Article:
Seller Financing has likely become the single most talked about real estate investing tool in the past few years due to the lending restrictions banks have placed on our industry. Just this past week, a banker told me real estate investing is now considered a “hobby” meaning it is not considered a lending option for banks right now. With that said, wise investors are turning to various aspects of seller financing. What needs to be clarified are the different types of seller financing methods available to you. Let’s take a look:
How to Invest in Real Estate While Working a Full-Time Job
Many investors think that they need to quit their job to get started in real estate. Not true! Many investors successfully build large portfolios over the years while enjoying the stability of their full-time job. If that’s something you are interested in, then this investor’s story of how he built a real estate business while keeping his 9-5 might be helpful.
3 Approaches to Seller Financing
Probably the most common approach investors have used throughout the years. You are able to approach sellers and lease a property with the end goal of purchasing the property for an agreed upon price. These investments give investors a predetermined amount of time to exit the property and make a profit. Andrew C. MacDonald contributes excellent posts on lease option exit strategies. I highly recommend reading his work and others for more details.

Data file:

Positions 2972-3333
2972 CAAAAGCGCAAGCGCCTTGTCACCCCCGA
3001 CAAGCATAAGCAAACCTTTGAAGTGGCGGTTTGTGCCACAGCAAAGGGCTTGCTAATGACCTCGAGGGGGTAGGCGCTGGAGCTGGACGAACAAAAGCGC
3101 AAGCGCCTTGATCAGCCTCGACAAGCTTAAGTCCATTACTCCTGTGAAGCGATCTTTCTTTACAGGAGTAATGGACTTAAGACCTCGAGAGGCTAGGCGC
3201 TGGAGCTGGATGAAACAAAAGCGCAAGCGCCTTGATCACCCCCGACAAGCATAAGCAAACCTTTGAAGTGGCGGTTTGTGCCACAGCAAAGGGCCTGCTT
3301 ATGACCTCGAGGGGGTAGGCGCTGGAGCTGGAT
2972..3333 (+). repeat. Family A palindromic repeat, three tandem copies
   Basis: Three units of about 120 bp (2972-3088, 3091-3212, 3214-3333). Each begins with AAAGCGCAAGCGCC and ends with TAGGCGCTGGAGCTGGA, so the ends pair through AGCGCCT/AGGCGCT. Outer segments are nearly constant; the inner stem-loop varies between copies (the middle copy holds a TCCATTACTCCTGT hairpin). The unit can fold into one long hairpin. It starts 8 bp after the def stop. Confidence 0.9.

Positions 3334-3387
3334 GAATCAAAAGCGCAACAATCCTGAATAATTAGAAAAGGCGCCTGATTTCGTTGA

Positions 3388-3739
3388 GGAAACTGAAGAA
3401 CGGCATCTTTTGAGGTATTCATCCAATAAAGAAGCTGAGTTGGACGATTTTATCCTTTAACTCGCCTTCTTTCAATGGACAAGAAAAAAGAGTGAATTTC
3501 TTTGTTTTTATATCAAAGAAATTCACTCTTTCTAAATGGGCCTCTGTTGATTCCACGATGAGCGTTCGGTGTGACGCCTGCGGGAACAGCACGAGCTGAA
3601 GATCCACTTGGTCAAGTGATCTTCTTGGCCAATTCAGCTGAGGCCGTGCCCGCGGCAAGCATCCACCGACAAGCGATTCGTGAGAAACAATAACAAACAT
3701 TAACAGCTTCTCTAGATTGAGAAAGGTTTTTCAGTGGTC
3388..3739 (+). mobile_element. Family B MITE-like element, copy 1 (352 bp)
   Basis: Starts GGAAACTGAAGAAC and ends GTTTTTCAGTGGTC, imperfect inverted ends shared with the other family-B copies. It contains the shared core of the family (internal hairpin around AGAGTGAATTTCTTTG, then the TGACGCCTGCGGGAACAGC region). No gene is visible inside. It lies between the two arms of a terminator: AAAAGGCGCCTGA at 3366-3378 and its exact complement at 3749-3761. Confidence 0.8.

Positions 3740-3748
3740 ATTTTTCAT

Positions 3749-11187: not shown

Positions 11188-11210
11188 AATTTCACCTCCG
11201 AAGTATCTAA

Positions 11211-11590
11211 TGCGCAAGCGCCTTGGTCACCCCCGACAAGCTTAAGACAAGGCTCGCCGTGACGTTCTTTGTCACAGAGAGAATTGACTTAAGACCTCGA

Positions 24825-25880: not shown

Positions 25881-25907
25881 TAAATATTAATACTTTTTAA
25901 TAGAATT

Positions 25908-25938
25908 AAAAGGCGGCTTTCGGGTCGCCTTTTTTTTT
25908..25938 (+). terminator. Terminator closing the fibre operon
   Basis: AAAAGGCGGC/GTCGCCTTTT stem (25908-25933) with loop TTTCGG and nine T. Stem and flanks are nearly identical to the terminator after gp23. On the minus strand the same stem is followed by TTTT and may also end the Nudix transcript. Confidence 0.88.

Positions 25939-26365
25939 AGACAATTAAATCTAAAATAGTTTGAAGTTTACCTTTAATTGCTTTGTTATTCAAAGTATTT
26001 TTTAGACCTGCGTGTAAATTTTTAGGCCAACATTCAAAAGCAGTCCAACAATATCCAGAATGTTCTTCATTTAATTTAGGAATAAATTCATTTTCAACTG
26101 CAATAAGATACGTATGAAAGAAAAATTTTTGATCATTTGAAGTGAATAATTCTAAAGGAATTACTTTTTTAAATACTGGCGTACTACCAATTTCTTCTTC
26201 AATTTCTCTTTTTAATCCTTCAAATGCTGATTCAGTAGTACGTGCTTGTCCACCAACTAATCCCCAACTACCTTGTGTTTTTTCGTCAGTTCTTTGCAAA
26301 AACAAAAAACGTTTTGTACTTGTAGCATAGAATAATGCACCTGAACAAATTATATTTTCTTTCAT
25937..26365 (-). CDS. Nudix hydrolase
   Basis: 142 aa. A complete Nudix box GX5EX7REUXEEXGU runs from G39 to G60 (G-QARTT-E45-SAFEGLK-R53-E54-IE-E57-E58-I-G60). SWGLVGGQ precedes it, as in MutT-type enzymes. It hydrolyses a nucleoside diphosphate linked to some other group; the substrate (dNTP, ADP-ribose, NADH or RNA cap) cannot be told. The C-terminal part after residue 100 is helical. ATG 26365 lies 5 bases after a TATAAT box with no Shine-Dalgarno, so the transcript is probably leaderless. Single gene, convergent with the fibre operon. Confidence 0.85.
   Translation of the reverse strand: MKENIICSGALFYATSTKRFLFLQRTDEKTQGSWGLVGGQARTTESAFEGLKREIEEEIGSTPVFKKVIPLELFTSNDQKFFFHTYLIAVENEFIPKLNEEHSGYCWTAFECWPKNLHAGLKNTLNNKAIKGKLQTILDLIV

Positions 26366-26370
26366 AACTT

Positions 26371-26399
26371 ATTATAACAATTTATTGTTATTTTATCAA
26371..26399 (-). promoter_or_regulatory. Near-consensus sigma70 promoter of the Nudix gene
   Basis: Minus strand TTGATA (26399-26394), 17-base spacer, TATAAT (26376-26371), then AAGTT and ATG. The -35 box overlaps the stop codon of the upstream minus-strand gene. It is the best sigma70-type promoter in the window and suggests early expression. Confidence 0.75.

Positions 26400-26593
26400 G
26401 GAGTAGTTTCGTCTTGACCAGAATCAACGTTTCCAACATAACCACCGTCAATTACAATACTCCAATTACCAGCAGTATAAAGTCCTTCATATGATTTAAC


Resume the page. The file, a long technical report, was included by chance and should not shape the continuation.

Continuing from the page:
The term subject-to sparks strong opinions and debate immediately. The goal of subject-to is to acquire a property with no-money down. This allows you to take over the mortgage payments and you are responsible for satisfying the balance of the mortgage. However, the mortgage is still in the seller’s name. There is great debate as to the specifics of subject-to deals and the “Due on Sale” clause. Jason Hanson’s posts are a great source of information on this unique seller financing concept.
This is my favorite kind of purchase and sale. A land contract is simply a mortgage between the seller and buyer. The two parties agree on down payment terms, monthly payment terms, interest rate, and length of contract. At the end of the term of payments the buyer owns the property outright and the seller no longer has rights to the property. This is a great strategy when properties can be purchased on contract with tenants in place who essentially pay the mortgage for you.
As you can see there are many levels of seller financing and we barely scratched the surface. Each scenario varies in the amount of ownership of the asset and the deed. Each has a purpose and can be an important part of your investing career. I recommend studying how each financing model works and using these strategies when putting in offers. It will keep money in your pocket and increase the profits in your portfolio.
Photo: Casey Serin